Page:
It doesn’t matter if you’ve never been sick, or if you’re not in the health professions, or if you’ve never had to care for family members or friends with health concerns
All that matters is that you enjoy poetry.
I wrote a poem about the birth and of the passing away of my baby girl before I knew anything about the potential role for the humanities in medicine. I revisited that poem many times over the years and was moved each time by a sense of wonder and grief and gratitude and remembrance. Perhaps my emotions had something to do with the fact that the poem rep-resented a personal story; but then, I began to notice how other people’s experiences, couched in words that rhymed – or didn’t rhyme – had the same influence on me.
The Health Humanities Group (HHG) at the University College of Medical Sciences, University of Delhi, of which I am a founding member, decided to take this powerful medium to our medical students. We met over many lunch-breaks and the group kept getting larger and larger. Called ‘Parwaaz’ – which means ‘to fly’ – the group brought together students and faculty who wrote exquisite and nuanced poetry, as well as some who did not write, but enjoyed listening to it. Parwaaz gave us first–hand experience of how a poetry collective could be used to stimulate change in attitudes and behavior towards self and towards others.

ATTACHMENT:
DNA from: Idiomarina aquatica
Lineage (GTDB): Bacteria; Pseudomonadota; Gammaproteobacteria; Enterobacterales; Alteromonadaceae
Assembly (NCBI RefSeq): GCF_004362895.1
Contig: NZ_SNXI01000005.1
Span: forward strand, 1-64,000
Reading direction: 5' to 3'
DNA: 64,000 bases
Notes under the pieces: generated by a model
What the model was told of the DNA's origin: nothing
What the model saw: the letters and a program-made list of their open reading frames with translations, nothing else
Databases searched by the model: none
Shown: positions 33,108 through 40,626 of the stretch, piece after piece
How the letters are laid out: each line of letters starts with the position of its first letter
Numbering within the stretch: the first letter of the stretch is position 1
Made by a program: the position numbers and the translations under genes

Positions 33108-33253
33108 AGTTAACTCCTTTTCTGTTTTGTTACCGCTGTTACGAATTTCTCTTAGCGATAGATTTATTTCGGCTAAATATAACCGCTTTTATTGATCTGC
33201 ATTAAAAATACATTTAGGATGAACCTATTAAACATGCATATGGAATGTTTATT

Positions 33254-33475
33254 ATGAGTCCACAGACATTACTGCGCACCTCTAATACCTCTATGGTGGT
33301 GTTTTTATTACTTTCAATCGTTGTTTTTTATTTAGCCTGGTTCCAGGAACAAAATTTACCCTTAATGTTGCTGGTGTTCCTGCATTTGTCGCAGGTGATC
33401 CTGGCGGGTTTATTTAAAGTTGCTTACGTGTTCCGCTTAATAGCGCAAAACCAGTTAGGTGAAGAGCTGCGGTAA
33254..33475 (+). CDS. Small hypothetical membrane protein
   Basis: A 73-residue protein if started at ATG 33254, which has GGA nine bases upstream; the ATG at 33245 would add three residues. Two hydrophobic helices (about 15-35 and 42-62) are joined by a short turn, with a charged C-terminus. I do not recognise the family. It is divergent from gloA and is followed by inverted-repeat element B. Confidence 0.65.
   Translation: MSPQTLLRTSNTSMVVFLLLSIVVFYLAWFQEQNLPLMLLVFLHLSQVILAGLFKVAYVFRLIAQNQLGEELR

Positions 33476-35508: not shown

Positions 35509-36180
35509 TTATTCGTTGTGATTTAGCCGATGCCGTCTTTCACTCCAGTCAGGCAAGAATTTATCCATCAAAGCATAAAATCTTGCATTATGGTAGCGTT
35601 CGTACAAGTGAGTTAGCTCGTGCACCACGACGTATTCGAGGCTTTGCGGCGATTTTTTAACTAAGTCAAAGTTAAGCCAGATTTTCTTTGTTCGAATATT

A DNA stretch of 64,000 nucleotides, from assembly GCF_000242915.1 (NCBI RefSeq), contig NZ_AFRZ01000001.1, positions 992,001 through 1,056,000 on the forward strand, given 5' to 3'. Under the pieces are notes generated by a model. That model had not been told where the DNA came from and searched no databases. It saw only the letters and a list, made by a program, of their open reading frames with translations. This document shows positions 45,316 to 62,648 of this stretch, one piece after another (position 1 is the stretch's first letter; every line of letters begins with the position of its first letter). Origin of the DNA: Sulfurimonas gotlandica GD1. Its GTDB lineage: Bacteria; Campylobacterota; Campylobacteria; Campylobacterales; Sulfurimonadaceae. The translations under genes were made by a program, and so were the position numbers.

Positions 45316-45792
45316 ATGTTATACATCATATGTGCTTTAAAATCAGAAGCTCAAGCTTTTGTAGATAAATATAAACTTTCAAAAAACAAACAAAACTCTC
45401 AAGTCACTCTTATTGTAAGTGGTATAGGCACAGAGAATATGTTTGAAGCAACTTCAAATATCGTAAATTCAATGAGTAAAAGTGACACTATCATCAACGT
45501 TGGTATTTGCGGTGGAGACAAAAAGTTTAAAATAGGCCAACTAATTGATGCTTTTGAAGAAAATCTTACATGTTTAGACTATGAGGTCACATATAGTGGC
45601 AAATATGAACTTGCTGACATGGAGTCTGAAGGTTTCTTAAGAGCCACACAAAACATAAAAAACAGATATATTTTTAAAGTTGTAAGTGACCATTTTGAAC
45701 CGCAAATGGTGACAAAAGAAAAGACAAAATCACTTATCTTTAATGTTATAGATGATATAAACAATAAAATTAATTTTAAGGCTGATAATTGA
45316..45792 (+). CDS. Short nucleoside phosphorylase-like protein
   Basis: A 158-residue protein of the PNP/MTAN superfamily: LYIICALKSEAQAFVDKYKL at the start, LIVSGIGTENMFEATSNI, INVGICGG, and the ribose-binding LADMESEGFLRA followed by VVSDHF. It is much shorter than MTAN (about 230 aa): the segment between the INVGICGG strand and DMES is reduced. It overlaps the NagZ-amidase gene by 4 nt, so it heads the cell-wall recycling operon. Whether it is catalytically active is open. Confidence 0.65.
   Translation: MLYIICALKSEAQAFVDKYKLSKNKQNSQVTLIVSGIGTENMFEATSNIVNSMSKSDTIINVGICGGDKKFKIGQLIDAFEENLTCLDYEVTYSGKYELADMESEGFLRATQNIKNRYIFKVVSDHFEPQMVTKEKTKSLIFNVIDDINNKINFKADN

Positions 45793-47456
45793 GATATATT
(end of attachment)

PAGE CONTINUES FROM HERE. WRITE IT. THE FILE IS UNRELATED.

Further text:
There are many reports of provider cynicism, of detachment, waning empathy, and burnout; it is evident that the provider-patient relationship is fractured and conventional methods are inadequate in addressing the problem. Poetry reading, as also the writing of it, have been found to promote patient-centered care and empathy. Its use in medical education allows learners to examine emotions and feelings – this might bridge the gap between the theoretical teaching of empathy and actually learning through experiencing it.
Based on the evidence and on my own experience, it seemed worthwhile to compile a collection of poetry that was about illness and health. I applied to The Institute for Medical Humanities (IMH), at UTMB, Galveston, Texas, with the purpose of taking this idea forward. This book took shape during my four months at IMH (now called Institute for Bioethics & Health Humanities) as a Visiting Scholar in 2019 and is thanks to the support I received while I was there.
1 thought on “Why I wrote InVerse Medicine”